Sunday, April 18, 2010

On Not Being a "Good Christian"

On Not Being a “Good Christian”

Sermon on the First Lesson for the Third Sunday of Easter, Year C

The Lesson: Acts 9:1-20

The Sermon:

I’m going to focus on our first lesson today. That reading tells about Paul’s famous “Road to Damascus” experience.

Paul is on his way to Damascus to shut down this group that calls itself “The Way.” “The Way” is a group of people who believe in Jesus. Just before he gets there, Paul is struck blind and hears Jesus talking to him. Then he’s led by his companions to a place on Straight Street in Damascus. There, he spends three days alone without food or water.

Meanwhile, The Lord comes to Ananias, a believer, and tells him to go to Paul, lay hands on him and heal him. Ananias objects, knowing that Paul has come to Damascus to do harm believers like himself. But the Lord insists, and Ananias goes to Paul and lays hands on him.

Paul’s sight is immediately restored, and Paul immediately begins preaching that Jesus is the Son of God.

The “Road to Damascus” story was a particularly important story in the Protestant churches I grew up in.

First, Paul’s Road to Damascus experience is seen as the model Christian conversion experience. A bad person encounters God, sees the error of his ways, repents, follows Jesus and begins a new life. People who have had this moving and emotional experience often say they’ve been “saved” or “converted” or “born again.”

Second, after his Road to Damascus experience, Paul begins preaching a new Gospel of Justification by Faith rather than of Works. No longer do people have to be burdened by guilt for all they’ve done or not done; all you have to do to be guiltless and free is believe that Jesus died on the cross to save you from your sins.

Now, I have to tell you that for most of my long life, these understandings of Paul’s Road to Damascus experience have been very problematic for me. For me, they have not been a “good news” gospel. Instead they’ve left me feeling left out—an outsider in the Christian community.

Now you might be wondering how these bedrock Christian ideas can be so troubling.

When I looked around me at the Good Christians I knew, it seemed that there were plenty who had deep prayer life in which they talked with God or Jesus. And there were those who talked of having had their lives turned from bad to good in an encounter with Jesus.

I took these to be the normative experiences of Good Christians.

The problem for me was (and is) that I have never heard God or Jesus speak to me. I tried to have a personal prayer life, but nothing happened. I concluded that I didn’t have what it takes to pray right—that there was something wrong with me.

Nor have I ever felt like I had had that experience of being saved. “Just have faith and you’ll be saved,” they say. But try as I might to have faith and believe, I still felt bad about my sins. So obviously, I didn’t have enough faith. I wanted that faith that would save me from my sins, but I didn’t have a clue about how to get it.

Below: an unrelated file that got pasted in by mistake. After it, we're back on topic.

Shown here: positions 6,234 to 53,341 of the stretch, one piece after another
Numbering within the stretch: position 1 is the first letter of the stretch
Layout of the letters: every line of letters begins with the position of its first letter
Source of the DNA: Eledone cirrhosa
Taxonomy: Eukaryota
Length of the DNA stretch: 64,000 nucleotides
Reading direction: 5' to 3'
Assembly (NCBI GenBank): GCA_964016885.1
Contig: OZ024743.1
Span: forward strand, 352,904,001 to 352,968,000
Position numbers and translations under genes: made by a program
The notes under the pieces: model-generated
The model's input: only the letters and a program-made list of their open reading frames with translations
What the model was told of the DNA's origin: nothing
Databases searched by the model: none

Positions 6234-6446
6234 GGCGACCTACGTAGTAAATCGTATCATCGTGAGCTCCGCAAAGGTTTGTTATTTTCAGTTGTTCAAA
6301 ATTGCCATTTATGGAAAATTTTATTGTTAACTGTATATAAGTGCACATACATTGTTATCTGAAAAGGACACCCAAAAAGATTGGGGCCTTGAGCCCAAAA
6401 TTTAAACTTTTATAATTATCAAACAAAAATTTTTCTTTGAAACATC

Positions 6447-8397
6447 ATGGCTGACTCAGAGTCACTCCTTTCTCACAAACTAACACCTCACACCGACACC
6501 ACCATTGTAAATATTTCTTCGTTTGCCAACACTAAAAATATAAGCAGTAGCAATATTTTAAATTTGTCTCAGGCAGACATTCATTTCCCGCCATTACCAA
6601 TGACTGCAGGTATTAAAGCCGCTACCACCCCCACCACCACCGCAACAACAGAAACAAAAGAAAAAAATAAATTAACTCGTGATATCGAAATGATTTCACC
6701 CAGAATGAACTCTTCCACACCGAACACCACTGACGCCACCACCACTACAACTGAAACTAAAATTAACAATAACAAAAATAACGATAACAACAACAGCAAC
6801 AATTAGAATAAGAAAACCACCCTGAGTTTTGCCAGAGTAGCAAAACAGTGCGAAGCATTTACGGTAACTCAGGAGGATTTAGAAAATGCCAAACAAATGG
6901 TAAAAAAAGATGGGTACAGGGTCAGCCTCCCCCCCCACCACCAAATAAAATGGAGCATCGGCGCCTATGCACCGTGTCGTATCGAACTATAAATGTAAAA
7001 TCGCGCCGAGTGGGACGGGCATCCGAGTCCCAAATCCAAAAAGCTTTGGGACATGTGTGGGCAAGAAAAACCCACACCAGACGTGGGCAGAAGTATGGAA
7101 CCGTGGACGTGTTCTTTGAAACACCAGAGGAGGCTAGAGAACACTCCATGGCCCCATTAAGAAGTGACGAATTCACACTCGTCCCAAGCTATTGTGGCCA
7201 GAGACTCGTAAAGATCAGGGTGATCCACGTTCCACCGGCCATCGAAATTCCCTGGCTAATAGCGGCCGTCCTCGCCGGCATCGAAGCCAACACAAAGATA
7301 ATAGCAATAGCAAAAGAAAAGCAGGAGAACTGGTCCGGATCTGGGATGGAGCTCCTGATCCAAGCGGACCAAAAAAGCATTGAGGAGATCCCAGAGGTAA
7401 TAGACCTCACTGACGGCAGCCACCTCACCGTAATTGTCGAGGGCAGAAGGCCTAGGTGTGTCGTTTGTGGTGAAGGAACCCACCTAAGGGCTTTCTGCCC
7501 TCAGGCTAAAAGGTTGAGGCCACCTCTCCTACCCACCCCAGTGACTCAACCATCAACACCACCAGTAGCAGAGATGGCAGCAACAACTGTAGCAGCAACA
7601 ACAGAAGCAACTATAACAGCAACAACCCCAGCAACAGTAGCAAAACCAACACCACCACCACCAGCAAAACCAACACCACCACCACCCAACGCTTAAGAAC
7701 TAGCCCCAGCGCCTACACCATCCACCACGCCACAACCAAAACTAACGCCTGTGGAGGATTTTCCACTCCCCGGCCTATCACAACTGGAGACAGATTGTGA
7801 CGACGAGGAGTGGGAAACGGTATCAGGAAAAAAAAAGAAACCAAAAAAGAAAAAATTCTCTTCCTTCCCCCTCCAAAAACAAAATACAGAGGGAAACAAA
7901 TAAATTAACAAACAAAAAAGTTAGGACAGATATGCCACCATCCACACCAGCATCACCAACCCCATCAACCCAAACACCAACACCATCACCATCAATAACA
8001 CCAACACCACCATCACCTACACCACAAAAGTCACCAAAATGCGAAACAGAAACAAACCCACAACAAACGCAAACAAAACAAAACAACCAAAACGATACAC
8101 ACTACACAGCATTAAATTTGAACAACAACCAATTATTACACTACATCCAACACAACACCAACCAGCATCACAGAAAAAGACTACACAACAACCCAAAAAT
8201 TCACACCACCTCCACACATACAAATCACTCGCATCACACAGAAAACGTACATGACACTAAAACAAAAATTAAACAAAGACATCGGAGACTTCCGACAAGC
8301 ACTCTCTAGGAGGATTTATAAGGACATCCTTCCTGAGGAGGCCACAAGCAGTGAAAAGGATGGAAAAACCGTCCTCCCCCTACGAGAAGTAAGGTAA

When I was about thirty I joined the Grace Episcopal Church.

One of the blessings I discovered here was that we Episcopalians don’t do testimony much. If we’ve got a deep prayer life in which we communicate easily with God or Jesus, we don’t talk about it. If we’ve been saved or converted or born again; we don’t mention it.

So the heat was off--except I still knew that somehow I didn’t measure up as a Good Christian.

Happily, Episcopalians don’t seem to care whether or not the people sharing the pew with them are Good Christians. We figure that anyone who participates willingly in Book of Common Prayer worship is one of us and on the right track.

I asked Father Ray, who was rector here at that time, what Episcopalians thought about being saved He said simply that many Episcopalians believed in the sacramental life; regular participation in the sacraments of the church. Oh, I figured, Episcopalians get saved little by little each Sunday. Well, in the absence of a “real” Christian experience, I guessed that’d have to be good enough.

I think that this experience of not measuring up to the normative Christian experience is not limited to Protestants immersed in Road to Damascus theology. My high school girlfriend—a Roman Catholic--had a well-worn book about the lives of saints. She taught me about the appearances of the Blessed Virgin Mary to Bernadette at Lourdes, and to three shepherd girls at Fatima. I know that she thought that being a nun was a better way to be a Christian woman than staying in the world.

I suspect that there are a lot of people who go to church who may feel like they don’t have the beliefs or experiences that Good Christians are supposed to have.

I said earlier that the theology of the Road to Damascus experience as I understood it had been a problem for me for most of my life. That implies that it’s no longer a problem. That’s right. Let me tell you a couple of stories about what changed for me.

I was an Education for Ministry Mentor for eight years. At one point, a majority of the members of my Friday morning class happened to be professionally trained church organists. As a group, they were a rather sophisticated—even cynical--bunch.

There came a day when our discussion came around to the subject of being “saved,” or “converted,” or “born again.” The response to even talking about this subject was not just cool—it was downright frigid. There was not one student who would admit to having had any such experience, and they were suspicious of anyone who claimed to have had one.

They got to talking how they handled those strange people who come to your door or accost you on the street asking: “Are you saved?”

I could see that this conversation was going nowhere fast and I needed to do something to get it back on track. Something inspired me to ask the question differently: “Have you ever had a life-changing experience?”